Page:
Chapter 8 highlights the benefits of simple security selection models. The authors argue two factors, value and momentum, are reliable and simple to implement for DIY investors.  They highlight a specific value system that ranks stocks based on EBIT/TEV (earnings before interest and taxes divided by total enterprise value) which has strong historical returns.  They also test a simple momentum system on individual stocks with strong historical returns.  They show that the two systems combined into a 50 percent value and 50 percent momentum portfolio generates even higher returns than either system by itself.

Chapter 9 puts the entire DIY system together. The authors create a system which allocates across asset classes.  Risk management techniques are used to manage drawdowns and volatility. Finally, asset classes are allocated to value and momentum strategies to further enhance performance.

DIY consolidates many of the arguments I have read on Alpha Architect in recent years.  It is well constructed, researched, concise, and accessible for professionals and inexperienced investors. The target audience is both family offices and individual investors and both could benefit from following a DIY solution.  I recommend DIY whether you are new to investing, an experienced office, an Alpha Architect reader or not.

Implementing the value and momentum strategies as detailed in the book (via individual stocks) could be a challenge for individual/small investors. However, the strategies outlined in the book can be replicated via ETFs.  DIY lacks specific ETF recommendations but my site tracks a  “RAA Spreadsheet” using ETFs that is similar in style to the strategies outlined in the book. In the coming days, the sheet will be updated to more closely align with the strategies in DIY. In addition, Alpha Architect also posts the DIY allocation strategy for free.

 

October Update – ETFReplay.com Portfolio

The ETFReplay.com Portfolio holdings have been updated for October 2015.  I previously detailed here and here how an investor can use ETFReplay.com to screen for best performing ETFs based on momentum and volatility.

The portfolio begins with a static basket of 14 ETFs. These 14 ETFs are ranked by 6 month total returns (weighted 40%), 3 month total returns (weighted 30%), and 3 month price volatility (weighted 30%). The top 4 are purchased  at the beginning of each month. When a holding drops out of the top 5 ETFs it will be sold and replaced with the next highest ranked ETF.

The 14 ETFs are listed below:

Symbol Name
RWX SPDR DJ International Real Estate
PCY PowerShares Emerging Mkts Bond
WIP SPDR Int’l Govt Infl-Protect Bond
EFA iShares MSCI EAFE
HYG iShares iBoxx High-Yield Corp Bond
EEM iShares MSCI Emerging Markets
LQD iShares iBoxx Invest Grade Bond
VNQ Vanguard MSCI U.S. REIT
TIP iShares Barclays TIPS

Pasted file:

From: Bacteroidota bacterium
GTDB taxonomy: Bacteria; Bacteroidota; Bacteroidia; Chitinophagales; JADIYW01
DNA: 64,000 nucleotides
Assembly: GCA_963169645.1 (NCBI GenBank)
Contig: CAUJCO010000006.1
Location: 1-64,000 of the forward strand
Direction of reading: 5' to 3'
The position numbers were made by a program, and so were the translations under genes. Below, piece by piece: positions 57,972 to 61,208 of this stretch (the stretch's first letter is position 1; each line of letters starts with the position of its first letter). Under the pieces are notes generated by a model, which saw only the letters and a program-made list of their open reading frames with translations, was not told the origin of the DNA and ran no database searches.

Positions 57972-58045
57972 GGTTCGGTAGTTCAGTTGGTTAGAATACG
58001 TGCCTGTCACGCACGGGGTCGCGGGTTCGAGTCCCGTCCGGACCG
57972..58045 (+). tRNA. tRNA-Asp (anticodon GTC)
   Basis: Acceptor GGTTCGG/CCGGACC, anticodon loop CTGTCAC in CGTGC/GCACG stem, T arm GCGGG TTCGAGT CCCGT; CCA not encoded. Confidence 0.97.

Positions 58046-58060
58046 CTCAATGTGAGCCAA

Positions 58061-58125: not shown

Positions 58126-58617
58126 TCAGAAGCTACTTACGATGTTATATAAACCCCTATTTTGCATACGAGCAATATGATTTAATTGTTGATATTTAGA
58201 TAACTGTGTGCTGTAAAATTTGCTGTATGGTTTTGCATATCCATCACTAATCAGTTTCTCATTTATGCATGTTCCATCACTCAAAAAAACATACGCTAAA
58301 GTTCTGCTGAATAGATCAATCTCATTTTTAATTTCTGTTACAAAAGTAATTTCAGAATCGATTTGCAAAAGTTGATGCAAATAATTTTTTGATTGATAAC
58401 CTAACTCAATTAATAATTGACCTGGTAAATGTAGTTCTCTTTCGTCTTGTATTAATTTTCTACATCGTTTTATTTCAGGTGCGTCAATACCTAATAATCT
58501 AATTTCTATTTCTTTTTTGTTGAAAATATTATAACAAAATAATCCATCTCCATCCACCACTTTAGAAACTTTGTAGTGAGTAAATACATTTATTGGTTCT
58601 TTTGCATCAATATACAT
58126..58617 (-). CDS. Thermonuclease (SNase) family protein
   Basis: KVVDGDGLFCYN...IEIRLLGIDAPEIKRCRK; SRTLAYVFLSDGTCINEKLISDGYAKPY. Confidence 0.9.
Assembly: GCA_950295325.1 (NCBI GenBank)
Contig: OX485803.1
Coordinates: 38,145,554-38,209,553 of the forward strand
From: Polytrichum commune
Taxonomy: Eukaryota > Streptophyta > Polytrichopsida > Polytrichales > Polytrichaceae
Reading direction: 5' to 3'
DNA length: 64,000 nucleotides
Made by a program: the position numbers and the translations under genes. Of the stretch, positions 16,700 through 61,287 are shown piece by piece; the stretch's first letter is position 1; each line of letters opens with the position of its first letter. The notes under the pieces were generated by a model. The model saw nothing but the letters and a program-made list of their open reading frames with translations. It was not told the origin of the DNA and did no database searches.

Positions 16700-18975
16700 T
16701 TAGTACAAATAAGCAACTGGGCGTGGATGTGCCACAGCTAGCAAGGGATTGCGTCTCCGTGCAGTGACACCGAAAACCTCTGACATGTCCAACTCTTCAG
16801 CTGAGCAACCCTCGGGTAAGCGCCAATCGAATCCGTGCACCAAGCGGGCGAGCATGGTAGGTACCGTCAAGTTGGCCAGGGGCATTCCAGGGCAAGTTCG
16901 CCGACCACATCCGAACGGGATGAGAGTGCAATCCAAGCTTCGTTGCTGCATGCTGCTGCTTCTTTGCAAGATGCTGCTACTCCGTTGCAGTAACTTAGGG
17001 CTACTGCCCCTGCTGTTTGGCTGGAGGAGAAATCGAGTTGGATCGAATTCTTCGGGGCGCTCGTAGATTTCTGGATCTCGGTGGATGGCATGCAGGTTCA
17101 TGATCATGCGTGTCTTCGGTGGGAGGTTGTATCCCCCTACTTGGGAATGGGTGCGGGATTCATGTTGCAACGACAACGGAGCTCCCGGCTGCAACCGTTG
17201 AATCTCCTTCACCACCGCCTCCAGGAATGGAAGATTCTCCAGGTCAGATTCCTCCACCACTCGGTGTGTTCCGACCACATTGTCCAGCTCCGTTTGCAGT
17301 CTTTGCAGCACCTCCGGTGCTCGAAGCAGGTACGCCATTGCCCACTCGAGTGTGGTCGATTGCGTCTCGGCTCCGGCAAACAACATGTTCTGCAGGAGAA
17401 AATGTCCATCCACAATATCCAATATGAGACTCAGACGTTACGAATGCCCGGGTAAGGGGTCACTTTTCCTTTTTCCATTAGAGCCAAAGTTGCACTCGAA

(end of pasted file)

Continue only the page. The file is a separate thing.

VTI Vanguard MSCI Total U.S. Stock Market
DBC PowerShares DB Commodity Index
GLD SPDR Gold Shares
TLT iShares Barclays Long-Term Trsry
SHY iShares Barclays 1-3 Year Treasry Bnd Fd

 

Bring Your Portfolio Into The 21st Century
Free Access – INO.com Special Report

In addition, ETFs must be ranked above the cash-like ETF (SHY) in order to be included in the portfolio, similar to the absolute momentum strategy I profiled here. This modification could help reduce drawdowns during periods of high volatility and/or negative market conditions (see 2008-2009), but it could also reduce total returns by allocating to cash in lieu of an asset class.

The cash filter is in effect this month, the same as the previous three months.  SHY is the highest rated ETF in the 6/3/3 system.  Therefore, SHY will continue to be the sole holding in the portfolio.

The top 5 ranked ETFs based on the 6/3/3 system as of 9/30/15 are below:

6mo/3mo/3mo
SHY Barclays Low Duration Treasury (2-yr)
LQD iShares iBoxx Invest Grade Bond
TIP iShares Barclays TIPS
PCY PowerShares Emerging Mkts Bond
TLT iShares Barclays Long-Term Trsry

 

In 2014 I introduced a pure momentum system, which ranks the same basket of 14 ETFs based solely on 6 month price momentum. There is no cash filter in the pure momentum system, volatility ranking, or requirement to limit turnover – the top 4 ETFs based on price momentum are purchased each month. The portfolio and rankings are posted on the same spreadsheet as the 6/3/3 strategy.

The top 4 six month momentum ETFs are below:

6 month Momentum
SHY Barclays Low Duration Treasury (2-yr)
PCY PowerShares Emerging Mkts Bond
TIP iShares Barclays TIPS
LQD iShares iBoxx Invest Grade Bond

 

(TLT), a holding for one month, will be sold for a gain of 1.75%.  The proceeds will be used to purchase (LQD).

The updated holdings for each portfolio are below.

6/3/3 strategy:

Position Avg Purchase Price Purchase Date Cost Basis Current Value Percentage Gain/Loss Excluding Dividends
SHY 84.86 5/29/2015 & 6/30/15 $12,644.14 $12,663.51 0.15%

 

Pure Momentum strategy:

Position Purchase Price Purchase Date Cost Basis Current Value Percentage Gain/Loss Excluding Dividends
PCY 27.65 8/31/ 2015 $2,350.25 $2,331.55 -0.80%
SHY 84.86 7/31/ 2015 $2,460.94 $2,464.71 0.15%
TIP 111.58 8/31/ 2015 $2,343.18 $2,324.49 -0.80%
LQD 116.09 9/30/ 2015 $2,321.80 $2,321.80 0.00%